West Virginia Gov. Earl Ray Tomblin (D) issued an executive order Tuesday that will soon require West Virginians enrolled in state job training programs to prove they're not on drugs.
"I continuously hear from business leaders located all across the state, that they have jobs available but the candidates cannot pass a pre-employment drug screening," Tomblin said in a statement. "When this happens we have wasted taxpayer dollars, hurt our businesses, and limit our economic growth. My executive order will save taxpayer dollars by insuring graduates of Workforce West Virginia training are drug-free and ready to work.”
In his statement, the governor did not provide details about the rate at which job applicants trained by the state had been flunking potential employers' drug tests, but his complaint is a common one across the country. More than a dozen states have considered bills to drug test the unemployed, and more than 30 have mulled testing welfare applicants, with lawmakers frequently pointing to complaints from local businesses that job candidates can't pass drug tests.
Steve Roberts, president of the West Virginia Chamber of Commerce, said his organization supports the order. Roberts said he travels the state and hears all the time from businesses about workers disqualifying themselves with drug use.
"We recognize very clearly a problem exists," Roberts said. "Let's see how this works. If it works, we'll know we're on to something. If it doesn't work, we'll know we need to figure out something new."
Tomblin's order will require anyone seeking training services funded by Workforce West Virginia to pass a drug test. People who test positive for drugs once will be ineligible for training for 90 days, and if they test positive twice, they will be barred for a full year. The testing scheme is similar to one launched in Indiana last year.
Indiana's testing regime has shown a low rate of drug use among jobless workers in the state's training program, according to the latest data from the Indiana Department of Workforce Development. Of 3,106 people who peed in cups, just 68 tested positive for drugs, for a fail rate of 2.2 percent. A similarly low rate of drug use occurred among Florida welfare applicants subjected to a drug testing law last year.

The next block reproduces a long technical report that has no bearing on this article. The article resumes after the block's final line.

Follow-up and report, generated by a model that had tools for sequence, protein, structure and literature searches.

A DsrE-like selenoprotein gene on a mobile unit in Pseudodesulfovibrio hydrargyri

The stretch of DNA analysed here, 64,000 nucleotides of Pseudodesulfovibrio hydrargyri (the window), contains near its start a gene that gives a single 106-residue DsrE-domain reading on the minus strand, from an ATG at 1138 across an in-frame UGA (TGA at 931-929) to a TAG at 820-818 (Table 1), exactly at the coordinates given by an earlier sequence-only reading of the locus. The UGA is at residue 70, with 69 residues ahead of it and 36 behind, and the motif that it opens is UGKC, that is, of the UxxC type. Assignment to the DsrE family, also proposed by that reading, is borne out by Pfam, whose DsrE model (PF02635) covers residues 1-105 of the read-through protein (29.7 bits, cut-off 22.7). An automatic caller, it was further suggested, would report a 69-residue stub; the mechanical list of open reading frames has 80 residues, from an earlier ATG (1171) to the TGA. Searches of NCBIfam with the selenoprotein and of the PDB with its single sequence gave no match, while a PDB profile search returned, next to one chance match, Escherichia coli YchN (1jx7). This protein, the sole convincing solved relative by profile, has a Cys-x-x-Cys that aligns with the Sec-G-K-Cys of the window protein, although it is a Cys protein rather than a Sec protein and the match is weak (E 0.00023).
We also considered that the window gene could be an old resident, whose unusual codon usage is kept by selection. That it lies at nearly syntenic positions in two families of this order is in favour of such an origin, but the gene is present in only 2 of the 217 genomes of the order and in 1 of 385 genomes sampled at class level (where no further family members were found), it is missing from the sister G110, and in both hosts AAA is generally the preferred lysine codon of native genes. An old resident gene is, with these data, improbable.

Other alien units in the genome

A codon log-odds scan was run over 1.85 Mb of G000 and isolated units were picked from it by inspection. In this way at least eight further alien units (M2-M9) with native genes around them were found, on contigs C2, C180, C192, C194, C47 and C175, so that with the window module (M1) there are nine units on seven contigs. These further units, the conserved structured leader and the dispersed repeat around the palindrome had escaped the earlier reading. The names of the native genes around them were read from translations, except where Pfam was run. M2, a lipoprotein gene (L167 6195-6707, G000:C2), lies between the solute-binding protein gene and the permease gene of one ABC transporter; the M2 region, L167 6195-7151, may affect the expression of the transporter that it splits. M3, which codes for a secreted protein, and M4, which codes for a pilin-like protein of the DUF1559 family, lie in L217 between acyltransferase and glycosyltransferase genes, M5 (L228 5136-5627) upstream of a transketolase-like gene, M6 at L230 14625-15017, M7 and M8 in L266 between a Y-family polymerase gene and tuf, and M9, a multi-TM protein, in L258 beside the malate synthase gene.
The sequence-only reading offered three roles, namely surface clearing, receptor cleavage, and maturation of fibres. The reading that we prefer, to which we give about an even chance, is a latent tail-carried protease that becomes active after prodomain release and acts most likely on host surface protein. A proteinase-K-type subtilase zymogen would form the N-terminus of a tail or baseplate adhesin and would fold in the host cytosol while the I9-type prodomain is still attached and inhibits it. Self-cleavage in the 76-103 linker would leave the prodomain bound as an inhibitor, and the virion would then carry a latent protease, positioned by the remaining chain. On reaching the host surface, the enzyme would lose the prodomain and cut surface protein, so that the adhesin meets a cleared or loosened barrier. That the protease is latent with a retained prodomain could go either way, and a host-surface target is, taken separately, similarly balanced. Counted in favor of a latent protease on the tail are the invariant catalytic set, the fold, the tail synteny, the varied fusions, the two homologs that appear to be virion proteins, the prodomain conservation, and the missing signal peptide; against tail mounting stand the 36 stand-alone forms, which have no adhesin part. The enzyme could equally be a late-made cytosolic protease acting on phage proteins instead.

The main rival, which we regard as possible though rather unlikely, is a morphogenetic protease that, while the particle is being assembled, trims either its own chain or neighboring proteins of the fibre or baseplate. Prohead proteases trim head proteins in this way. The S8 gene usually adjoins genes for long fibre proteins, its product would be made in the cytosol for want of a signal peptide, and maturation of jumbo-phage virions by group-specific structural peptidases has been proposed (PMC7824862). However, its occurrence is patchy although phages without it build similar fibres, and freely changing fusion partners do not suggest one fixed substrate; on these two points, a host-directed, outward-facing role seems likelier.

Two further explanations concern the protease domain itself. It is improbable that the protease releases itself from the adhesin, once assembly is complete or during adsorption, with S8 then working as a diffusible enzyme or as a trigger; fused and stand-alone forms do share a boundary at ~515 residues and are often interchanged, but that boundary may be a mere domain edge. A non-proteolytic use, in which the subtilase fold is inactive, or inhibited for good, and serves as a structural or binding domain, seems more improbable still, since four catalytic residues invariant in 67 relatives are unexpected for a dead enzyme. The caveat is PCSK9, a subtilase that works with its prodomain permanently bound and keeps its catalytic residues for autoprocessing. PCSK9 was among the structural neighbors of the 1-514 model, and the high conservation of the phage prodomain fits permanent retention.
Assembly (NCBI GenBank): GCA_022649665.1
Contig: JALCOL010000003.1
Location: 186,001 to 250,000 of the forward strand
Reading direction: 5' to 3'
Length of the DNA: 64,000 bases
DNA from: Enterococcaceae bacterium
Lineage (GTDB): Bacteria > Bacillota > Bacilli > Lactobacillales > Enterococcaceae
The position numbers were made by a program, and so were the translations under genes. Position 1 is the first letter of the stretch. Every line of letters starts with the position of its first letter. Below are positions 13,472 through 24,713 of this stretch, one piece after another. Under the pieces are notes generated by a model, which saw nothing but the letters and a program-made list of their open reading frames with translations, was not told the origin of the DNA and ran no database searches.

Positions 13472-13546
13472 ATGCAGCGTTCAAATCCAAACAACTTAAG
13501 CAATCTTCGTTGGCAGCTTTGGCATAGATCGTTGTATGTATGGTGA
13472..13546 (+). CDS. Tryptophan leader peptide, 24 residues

By contrast, national statistics show the rate of drug use among the general population is above 8 percent, and above 17 percent for people without jobs.
Roberts suggested a low rate of drug use among people tested in a training program might just speak to the deterrent power of the testing. Labor advocates, for their part, suspect politicians pushing drug tests are less interested in confronting a public health problem than in appearing to crack down on beneficiaries of government spending.
"While generalizations about vast numbers of workers not being able to pass routine drug tests are commonplace these days, thus far, every effort to crack down on this supposed epidemic has caught a scant few workers who were actually engaging in any substance abuse," Judy Conti, a lobbyist for the National Employment Law Project, said in an email.
"I expect the results in West Virginia may be the same as elsewhere," she continued. "Rather than scapegoating job seekers en masse, private industry and state departments of labor and commerce should be turning their attention to making sure that jobs are good enough that workers want to compete for them, and that workers are given ample pre-job and on-the-job training so that they and local businesses can succeed."
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